3          IANA Considerations .................................    7
   3.1        Registering Additional Encodings ....................    7
   4          Audio ...............................................    8
   4.1        Encoding-Independent Rules ..........................    8
   4.2        Operating Recommendations ...........................   10
   4.3        Guidelines for Sample-Based Audio Encodings .........   10
   4.4        Guidelines for Frame-Based Audio Encodings ..........   11
   4.5        Audio Encodings .....................................   11
   4.5.1      DVI4 ................................................   12
   4.5.2      G722 ................................................   14
   4.5.3      G726-40, G726-32, G726-24, and G726-16...............   14
   4.5.4      G728 ................................................   16
   4.5.5      G729 ................................................   16
   4.5.6      G729D and G729E .....................................   18
   4.5.7      GSM .................................................   21    General Packaging Issues ............................   21    GSM variable names and numbers ......................   21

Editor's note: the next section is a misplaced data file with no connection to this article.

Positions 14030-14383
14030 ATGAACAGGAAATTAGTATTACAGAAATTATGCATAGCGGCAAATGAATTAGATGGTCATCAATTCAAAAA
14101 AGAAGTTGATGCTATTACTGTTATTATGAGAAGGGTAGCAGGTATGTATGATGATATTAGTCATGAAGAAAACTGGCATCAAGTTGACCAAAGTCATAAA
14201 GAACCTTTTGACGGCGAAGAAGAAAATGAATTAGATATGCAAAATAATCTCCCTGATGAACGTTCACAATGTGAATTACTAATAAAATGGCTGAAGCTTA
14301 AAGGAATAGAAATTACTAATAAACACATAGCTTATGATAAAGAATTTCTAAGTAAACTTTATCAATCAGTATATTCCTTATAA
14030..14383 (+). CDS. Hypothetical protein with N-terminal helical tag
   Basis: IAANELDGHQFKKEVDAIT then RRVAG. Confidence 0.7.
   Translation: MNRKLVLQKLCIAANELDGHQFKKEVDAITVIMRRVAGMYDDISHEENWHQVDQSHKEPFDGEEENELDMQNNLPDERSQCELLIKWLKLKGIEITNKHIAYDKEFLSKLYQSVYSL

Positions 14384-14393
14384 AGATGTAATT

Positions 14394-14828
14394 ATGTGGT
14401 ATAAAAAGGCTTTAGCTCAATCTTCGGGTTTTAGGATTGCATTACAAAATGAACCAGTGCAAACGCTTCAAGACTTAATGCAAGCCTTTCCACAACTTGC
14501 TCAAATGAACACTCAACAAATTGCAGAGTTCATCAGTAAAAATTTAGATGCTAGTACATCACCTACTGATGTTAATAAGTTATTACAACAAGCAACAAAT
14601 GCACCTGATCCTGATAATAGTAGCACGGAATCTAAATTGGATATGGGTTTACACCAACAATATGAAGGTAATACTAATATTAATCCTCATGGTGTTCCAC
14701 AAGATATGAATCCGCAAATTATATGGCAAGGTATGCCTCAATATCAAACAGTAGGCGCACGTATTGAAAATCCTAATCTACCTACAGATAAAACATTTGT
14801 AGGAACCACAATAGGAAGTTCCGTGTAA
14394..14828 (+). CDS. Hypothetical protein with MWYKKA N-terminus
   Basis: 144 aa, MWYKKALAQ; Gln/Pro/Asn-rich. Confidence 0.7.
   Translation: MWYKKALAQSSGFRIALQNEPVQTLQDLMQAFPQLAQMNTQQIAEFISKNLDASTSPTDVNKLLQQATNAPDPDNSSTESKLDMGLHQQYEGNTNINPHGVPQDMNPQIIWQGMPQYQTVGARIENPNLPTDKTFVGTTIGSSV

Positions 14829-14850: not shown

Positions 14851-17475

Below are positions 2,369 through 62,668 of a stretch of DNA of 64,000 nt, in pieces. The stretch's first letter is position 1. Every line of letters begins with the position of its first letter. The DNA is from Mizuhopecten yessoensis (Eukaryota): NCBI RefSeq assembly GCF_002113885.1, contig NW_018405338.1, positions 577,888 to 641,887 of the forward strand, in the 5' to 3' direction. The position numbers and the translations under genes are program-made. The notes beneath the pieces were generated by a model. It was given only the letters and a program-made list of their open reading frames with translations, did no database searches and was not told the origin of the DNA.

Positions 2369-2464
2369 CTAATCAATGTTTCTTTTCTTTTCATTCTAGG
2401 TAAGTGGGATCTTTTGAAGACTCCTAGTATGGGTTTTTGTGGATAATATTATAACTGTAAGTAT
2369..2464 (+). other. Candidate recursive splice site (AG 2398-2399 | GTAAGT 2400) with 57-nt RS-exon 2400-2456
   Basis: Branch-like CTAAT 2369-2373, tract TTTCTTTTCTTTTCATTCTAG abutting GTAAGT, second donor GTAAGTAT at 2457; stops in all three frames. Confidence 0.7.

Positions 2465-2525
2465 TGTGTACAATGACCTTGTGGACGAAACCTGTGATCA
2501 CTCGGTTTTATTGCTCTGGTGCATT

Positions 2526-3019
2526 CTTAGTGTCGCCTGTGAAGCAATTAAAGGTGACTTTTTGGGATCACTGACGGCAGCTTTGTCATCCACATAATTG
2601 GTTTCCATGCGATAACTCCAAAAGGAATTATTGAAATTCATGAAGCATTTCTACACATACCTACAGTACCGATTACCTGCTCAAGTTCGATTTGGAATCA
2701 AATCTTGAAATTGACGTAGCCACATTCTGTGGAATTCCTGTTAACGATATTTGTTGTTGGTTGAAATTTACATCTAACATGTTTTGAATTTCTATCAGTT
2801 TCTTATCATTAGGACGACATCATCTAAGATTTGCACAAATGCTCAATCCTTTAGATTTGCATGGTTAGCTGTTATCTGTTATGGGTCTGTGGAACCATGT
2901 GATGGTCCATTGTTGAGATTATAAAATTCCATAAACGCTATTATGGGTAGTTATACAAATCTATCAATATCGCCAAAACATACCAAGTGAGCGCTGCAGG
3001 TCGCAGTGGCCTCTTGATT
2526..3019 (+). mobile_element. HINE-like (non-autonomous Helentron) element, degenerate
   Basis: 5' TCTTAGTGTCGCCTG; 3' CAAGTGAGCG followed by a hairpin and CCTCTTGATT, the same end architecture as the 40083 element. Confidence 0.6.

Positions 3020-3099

4.5.8      L8 ..................................................   21
   4.5.9      L16 .................................................   22
   4.5.10     LPC .................................................   23
   4.5.11     MPA .................................................   24
   4.5.12     PCMA and PCMU .......................................   24
   4.5.13     QCELP ...............................................   24
   4.5.14     RED .................................................   24
   4.5.15     VDVI ................................................   25
   5          Video ...............................................   25
   5.1        CelB ................................................   26
   5.2        JPEG ................................................   26
   5.3        H261 ................................................   26
   5.4        H263-1998 ...........................................   27
   5.5        MPV .................................................   27
   5.8        nv ..................................................   27
   6          Payload Type Definitions ............................   28
   7          RTP over TCP and Similar Byte Stream Protocols ......   30
   8          Port Assignment .....................................   30
   9          Changes from RFC 1890 ...............................   31
   10         Security Considerations .............................   33
   11         Full Copyright Statement ............................   33
   12         Acknowledgements ....................................   34
   13         Addresses of Authors ................................   34
   A          Bibliography ........................................   34